Fig. 2 is a view of the structures shown in 'Fig. '1 turned through 90, and with the socket shown in central longitudinal section on the plane of the line 22 of Fig. 1. Fig. 3 is a view similar to Fig. 2 with the pin in the socket and also shown in section.
Fig. 4 is a transverse section on the plane of the line 4-4 of Fig. 2.
Fig. 5 is an end view of the pin-receiving end of the socket.
Referring now to the drawing and noting first Fig. 1, there will be seen at 1 an end portion of a flat blade pin, and there will be seen at 2 a socket in which the illustrative form of the invention is embodied.
The socket or contact 2 is shown as of four-piece construction, including an outer conductor shell 3, an inner spring element 4, and two brass cross pins 5, 5. It will be apparent that the contact, when its assembly is complete, might perhaps rather be considered as of a two piece construction.
The conductor shell 3 may desirably be of copper and may be formed of tubing or be turned from the solid, and, in either event, will have a hole '7 for the reception of a wire 8 or the like at one end and a contact hole 1%) in the other end, with cross holes 11, 11 bored for the cross pins 5, 5. The contact hole walls are formed, as by swaging, to provide the contact hole with a finished approximately semi-circular cross section.
Actually the cross section of the contact hole is a little more than a semi-circle, for, as seen in Fig. 3, the fiat blade pins centrallongitudinal plane, in the assembled portion of the parts, substantially bisects, longitudinally, the unreduced body portion of the conductor shell. In any event there is provided a plane wall surface 15 to which the axes of the pins 5, 5 are parallel .in the assembled state of the socket.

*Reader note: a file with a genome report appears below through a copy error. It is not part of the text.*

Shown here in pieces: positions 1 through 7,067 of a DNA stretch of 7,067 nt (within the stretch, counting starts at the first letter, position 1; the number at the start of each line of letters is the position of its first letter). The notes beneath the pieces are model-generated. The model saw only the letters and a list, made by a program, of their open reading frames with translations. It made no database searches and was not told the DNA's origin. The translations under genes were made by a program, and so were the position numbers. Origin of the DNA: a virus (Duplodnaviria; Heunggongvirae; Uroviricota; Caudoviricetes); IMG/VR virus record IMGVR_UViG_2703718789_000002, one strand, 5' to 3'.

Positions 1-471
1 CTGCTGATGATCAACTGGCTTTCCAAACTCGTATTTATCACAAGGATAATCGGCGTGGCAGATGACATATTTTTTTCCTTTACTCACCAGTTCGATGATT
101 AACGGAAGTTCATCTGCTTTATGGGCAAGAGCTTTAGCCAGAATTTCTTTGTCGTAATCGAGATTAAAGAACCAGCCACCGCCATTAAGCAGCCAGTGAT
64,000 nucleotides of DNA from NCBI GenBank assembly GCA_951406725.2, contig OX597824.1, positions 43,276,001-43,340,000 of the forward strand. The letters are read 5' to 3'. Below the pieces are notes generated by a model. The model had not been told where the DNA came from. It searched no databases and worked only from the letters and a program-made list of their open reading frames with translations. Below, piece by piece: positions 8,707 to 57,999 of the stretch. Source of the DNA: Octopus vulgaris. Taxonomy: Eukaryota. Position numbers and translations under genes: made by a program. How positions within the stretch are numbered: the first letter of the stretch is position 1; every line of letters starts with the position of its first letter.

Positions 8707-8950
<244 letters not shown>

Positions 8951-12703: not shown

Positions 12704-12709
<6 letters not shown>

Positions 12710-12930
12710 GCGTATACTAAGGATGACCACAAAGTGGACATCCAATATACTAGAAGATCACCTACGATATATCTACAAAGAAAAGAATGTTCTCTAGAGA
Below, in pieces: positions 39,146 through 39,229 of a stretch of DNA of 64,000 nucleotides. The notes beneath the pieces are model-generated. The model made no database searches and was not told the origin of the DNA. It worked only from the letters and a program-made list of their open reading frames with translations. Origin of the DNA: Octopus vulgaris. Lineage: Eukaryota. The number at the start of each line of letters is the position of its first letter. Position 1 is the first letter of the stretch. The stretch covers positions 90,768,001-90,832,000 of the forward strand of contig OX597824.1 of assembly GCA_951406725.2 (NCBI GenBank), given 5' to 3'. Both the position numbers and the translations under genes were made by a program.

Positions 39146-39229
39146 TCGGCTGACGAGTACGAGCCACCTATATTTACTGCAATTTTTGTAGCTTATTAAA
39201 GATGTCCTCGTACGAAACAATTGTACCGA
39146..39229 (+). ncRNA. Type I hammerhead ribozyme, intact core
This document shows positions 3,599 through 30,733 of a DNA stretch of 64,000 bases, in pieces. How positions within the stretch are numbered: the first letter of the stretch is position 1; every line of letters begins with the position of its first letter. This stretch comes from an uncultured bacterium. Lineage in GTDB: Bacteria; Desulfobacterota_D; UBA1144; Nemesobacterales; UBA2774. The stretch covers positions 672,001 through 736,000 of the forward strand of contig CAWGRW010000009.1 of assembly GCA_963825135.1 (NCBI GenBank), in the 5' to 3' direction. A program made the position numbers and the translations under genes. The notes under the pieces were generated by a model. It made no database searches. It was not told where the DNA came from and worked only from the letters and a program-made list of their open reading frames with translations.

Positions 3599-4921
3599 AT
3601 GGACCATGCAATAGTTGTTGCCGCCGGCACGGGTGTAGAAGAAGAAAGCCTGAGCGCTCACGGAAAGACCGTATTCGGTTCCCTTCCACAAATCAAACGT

The spring element 4 is desirably formed as a flat stamping. Phosphor-bronze is a suitable material. The ends, 16, of the spring are reduced (see Figs.'4 and 5) to permit them to occupy the relatively narrow space between a plane tangent to the surfaces of the pins '5, 5 away from the wall surface and the arcuate wall. While not limited to such precise arrangements, the spring ends may be bent back and towards each other to provide radii slightly exceeding the radii of the pins 5, 5 and so that they make angles of on the order of 15 with the wider, center portion, 17, of the spring, which portion is substantially flat until the spring is assembled in the socket element. The spring, then, comprises a wider portion, with parallel side edges, adapted to face the wall 15, and narrower, rebent end portions, also desirably with parallel side edges, with :the ends of the re'bent portions rounded, and with no sharp corners where the change in width between the wide and narrow portions occurs. The fiexure, as may be seen from Fig. 5, results in no sharp edges likely to catch the end of the pin as it is inserted in the socket. The spring is fixed in the conductor shell by cross pins 5, 5. These desirably of brass, fix the spring both axially and diametrically of the socket element 2. The spring ends are flexed, on assembly, to a much smaller angle than 15 to the central portion of the spring element, and stresses are set up which how the center of the wider portion of the spring, and cause it to take a fiat arc form (see Fig. 2) and to tend to lift towards the wall surface 15. The engaging pin 1 is of such a thickness that the spring must have its wide portion flattened and also, as a practical matter, probably also bodily moved slightly away from the wall surface 15, in order for the pin to be forced into place in the socket. The spring therefore very firmly presses the side of the pin which is towards the wall surface 15 into firm extended surface contact with the latter.